Thursday, July 9, 2015

CursiveLogic Review

Many schools today are forgoing the teaching of cursive writing to students, even though there are numerous benefits as to why it should still be taught. Not only is it a faster and more fluid way of writing, but it also encourages brain development and removes the confusion of the lowercase letters b and d, amongst other advantages. CursiveLogic, a new company, still believes in the power of penmanship. Linda Shrewsbury created this program to help a struggling adult student learn cursive. Her innovative yet intuitive method worked so well that the student  caught on to forming the entire lower case alphabet in 45 minutes and was able to sign his name. From there, the CursiveLogic Workbook was born.

CursiveLogic is different from other handwriting curricula because it focuses on the inherent structure of the cursive alphabet, instead of relying on rote memorization. The program is designed around the following features and visual and auditory cues.

Letters Grouped By Shape -- Four foundational shapes underlie the entire lowercase alphabet. The letter formations are taught by shape group based on the initial stroke of the letter, rather than alphabetically. In this way, the natural synergy of the alphabet is captured, allowing each letter in the series to reinforce the proper formation of all the others.

Letter Strings -- All the similarly shaped letters are taught by connecting them in a string, instead of individually. Since the students are taught to connect letters from the very beginning, it helps them to internalize the flow of cursive handwriting even before they have learned all 26 letters.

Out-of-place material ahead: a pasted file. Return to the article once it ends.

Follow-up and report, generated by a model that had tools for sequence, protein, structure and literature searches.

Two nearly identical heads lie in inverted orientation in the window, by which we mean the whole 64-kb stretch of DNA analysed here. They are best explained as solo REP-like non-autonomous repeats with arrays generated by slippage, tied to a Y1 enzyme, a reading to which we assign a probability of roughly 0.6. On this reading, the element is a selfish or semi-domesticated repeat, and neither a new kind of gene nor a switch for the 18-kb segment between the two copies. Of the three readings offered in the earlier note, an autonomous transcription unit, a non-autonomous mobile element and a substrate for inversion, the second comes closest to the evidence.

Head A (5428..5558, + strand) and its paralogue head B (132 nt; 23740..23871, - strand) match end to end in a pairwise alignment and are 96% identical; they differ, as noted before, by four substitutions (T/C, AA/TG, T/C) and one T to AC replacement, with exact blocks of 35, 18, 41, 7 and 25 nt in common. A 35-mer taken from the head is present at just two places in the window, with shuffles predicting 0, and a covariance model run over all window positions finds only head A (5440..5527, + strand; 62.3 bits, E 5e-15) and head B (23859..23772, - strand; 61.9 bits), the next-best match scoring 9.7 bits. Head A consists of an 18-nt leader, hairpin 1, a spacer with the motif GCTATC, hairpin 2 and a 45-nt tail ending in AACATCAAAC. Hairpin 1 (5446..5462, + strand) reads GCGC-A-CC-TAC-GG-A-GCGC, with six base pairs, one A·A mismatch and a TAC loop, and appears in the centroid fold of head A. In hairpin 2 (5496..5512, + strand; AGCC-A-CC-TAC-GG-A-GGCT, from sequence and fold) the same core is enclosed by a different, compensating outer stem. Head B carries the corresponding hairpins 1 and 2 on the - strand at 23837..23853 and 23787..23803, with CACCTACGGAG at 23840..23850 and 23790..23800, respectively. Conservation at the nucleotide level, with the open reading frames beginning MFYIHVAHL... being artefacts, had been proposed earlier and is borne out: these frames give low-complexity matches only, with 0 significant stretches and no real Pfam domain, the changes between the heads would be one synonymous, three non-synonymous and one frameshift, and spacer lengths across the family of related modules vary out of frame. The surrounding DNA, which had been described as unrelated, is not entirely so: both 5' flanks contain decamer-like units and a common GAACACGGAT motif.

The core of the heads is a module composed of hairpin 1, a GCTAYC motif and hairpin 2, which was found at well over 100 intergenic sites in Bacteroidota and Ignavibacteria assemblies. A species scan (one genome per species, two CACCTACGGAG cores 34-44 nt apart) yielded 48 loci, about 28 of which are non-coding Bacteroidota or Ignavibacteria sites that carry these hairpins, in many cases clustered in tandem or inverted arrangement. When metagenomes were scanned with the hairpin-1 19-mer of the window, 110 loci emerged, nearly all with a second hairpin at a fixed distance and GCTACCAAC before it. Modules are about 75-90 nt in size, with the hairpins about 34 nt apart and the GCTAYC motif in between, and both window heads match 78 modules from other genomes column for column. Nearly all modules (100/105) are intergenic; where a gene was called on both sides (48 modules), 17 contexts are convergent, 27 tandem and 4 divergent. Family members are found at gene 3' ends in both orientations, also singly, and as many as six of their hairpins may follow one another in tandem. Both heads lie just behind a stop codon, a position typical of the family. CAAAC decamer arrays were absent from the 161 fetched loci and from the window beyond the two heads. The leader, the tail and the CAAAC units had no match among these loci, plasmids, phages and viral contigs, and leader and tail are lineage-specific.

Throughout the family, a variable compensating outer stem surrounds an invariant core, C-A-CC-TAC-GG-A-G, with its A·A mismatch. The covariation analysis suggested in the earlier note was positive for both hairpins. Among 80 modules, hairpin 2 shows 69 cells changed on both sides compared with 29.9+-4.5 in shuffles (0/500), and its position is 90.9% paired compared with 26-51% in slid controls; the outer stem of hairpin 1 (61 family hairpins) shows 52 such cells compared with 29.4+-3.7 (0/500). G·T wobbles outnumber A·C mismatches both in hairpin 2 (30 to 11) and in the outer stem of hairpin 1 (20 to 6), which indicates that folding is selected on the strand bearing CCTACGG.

Theme Colors -- Each letter string has a theme color that helps the student remember the shape.

Verbal Task Analysis -- Students learn a simple, rhythmical chant that describes the path of the writing instrument as the letter shapes are formed. The process of verbally describing a motor task while performing it aids the acquisition of new motor skills.

Jake (9) started learning cursive a while ago. He did all right with it, but quickly lost interest. I didn't make it a priority and the lessons were soon forgotten. Since I believe in the benefits of handwriting, I knew we needed to focus on it again. Fast forward to a month or so ago. His penmanship was sloppy and he had forgotten how to form many of the letters.

He flipped through the 96-page, colored CursiveLogic workbook and was immediately excited. Excited? My I-always-complain-about-writing boy? The method shown in the book with its colored letter strings grabbed his interest. Better than that initial excitement though is the fact that his penmanship quickly improved and that eagerness to learn more and write better continued. He enjoys using colored pencils to form the letters according to the theme colored strings. Who knew that my boy who isn't interested in coloring and doesn't like to write would be happy to combine the two, in a sense.

We are thoroughly enjoying using this book. The teacher's manual (with step-by-step instructions) and student workbook (with lessons, practice sheets, and 3 dry erase surfaces) are combined in this one book. The CursiveLogic method seems so simple, yet works so well. Sometimes we complicate things too much. This truly is a logical way of learning cursive. 

You can connect with Cursive Logic on the following social media sites:

If you would like to see what other homeschool families thought of this book, please read the reviews on the Schoolhouse Review Crew blog.

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